Maternal vaccination in South Africa: timing and completeness

Journal Title
Journal ISSN
Volume Title
Maternal immunisation is an invaluable public health measure that protects not only the mother, but also the foetus and new-born infant against a host of diseases; and is recommended by both the World Health Organisation (WHO) and South African national health authorities. Pregnancy induces a heightened state of immune system vulnerability, leaving women more susceptible to severe influenza outcomes, whilst neonatal tetanus has a fatality rate of between 80-100% in the absence of medical intervention. Maternal immunisation against influenza and tetanus has been successfully utilised as a public health strategy across the globe to uphold maternal and neonatal health. Maintaining coverage is imperative for both diseases as influenza strains change seasonally and tetanus cannot be eliminated, highlighting the importance of continued maternal immunisation. This study aimed to describe the uptake of both influenza and tetanus vaccinations during pregnancy, the completion of the tetanus vaccination schedule and the timing of both influenza and tetanus immunisation within South African antenatal care facilities. In addition, this study described clinical and demographic factors affecting maternal immunisation uptake. Clinical and demographic data were collected in a parent study and were retrospectively analysed in this study using the statistical software Stata. Influenza vaccination uptake within the sampled population was found to be 16.62% (806/4851). The odds of influenza vaccination were significantly higher in women aged 21-30 years, and women with six or more ANC visits. Metro East Cape Town site in the Western Cape outperformed Gauteng sites, with significantly increased odds of influenza vaccination amongst women frequenting that site. Appropriate influenza immunisation: defined as immunisation occurring during the period of either 01/04/2017-31/07/2017 or 01/04/2018-30/06/2018, occurred in 74.86% (530/708) of the cohort. Women who were alcohol users were significantly more likely to receive an influenza vaccine – yet this may be explained by the Metro East site which had the higher influenza coverage having the highest prevalence of alcohol use during pregnancy. Of 7105 women, 7031 (98.96%) received at least one dose of tetanus toxoid vaccine (TTV). Of these women, 39.24% (2759) received one dose; 51.06% (3590) received two doses and 9.70% (682) received the recommended three doses of TTV in their index pregnancy. Tetanus schedule completion was significantly more likely in women ≤20 years, and those who presented for their booking antenatal care (ANC) visit in the first trimester. In addition, women with more than three visits had an increased likelihood of TTV schedule completion. The odds of TTV schedule completion were decreased by negatively parity and gravidity, values over one and less than six, and greater than one respectively. Women with hypertension were significantly less likely to receive three TTV doses compared to women without hypertension. Julia Bourne MSc(Vaccinology) Research Report: Version 2.0 v Tetanus immunisation schedule adherence prevalence was 0.60% (4/670) in women with three doses and 90.34% (3209/3552) in women with two. Improvements may be made in South African maternal immunisation coverage, with this study supporting the idea of targeted educational campaigns and a revision of the maternal immunisation schedule to include the tetanus, diphtheria & acellular pertussis vaccine instead of the tetanus toxoid vaccine.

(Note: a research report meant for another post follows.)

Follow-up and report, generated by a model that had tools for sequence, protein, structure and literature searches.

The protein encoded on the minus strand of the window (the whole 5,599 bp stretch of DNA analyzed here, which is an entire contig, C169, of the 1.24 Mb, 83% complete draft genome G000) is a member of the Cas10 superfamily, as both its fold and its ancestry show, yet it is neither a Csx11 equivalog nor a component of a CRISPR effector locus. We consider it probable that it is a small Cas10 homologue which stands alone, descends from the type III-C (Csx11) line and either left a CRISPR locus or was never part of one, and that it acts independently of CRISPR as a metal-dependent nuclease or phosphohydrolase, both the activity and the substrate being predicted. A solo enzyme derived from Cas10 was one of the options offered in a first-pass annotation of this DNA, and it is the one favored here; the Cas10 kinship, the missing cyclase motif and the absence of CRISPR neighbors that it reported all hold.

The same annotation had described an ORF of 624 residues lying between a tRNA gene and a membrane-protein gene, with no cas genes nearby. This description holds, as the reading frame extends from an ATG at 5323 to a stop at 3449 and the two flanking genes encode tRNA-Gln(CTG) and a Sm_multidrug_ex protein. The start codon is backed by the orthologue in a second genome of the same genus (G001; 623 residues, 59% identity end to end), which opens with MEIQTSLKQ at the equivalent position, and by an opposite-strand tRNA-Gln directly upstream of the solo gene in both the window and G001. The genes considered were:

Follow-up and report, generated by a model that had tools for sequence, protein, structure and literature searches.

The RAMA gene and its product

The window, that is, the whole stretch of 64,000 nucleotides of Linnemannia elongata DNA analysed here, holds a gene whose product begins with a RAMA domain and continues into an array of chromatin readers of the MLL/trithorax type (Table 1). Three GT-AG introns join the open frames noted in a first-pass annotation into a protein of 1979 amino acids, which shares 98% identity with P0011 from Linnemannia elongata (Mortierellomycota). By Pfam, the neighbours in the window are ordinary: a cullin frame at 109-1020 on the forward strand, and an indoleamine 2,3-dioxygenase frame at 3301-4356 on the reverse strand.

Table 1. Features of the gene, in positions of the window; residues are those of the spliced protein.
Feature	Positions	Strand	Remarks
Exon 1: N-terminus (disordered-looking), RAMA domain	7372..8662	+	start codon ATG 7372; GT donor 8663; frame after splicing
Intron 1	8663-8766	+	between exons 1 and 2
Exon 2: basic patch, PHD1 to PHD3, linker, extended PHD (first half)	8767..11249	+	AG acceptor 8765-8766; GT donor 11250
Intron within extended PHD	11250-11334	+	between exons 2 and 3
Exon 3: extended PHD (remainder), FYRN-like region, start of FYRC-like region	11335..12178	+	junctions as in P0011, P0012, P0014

A research report submitted in partial fulfilment of the requirement for the degree of Master of Science in Medicine to the Faculty of Health Sciences, University of the Witwatersrand, School of Pathology, Johannesburg, 2023
Maternal immunisation, South Africa, Neonatal immunisation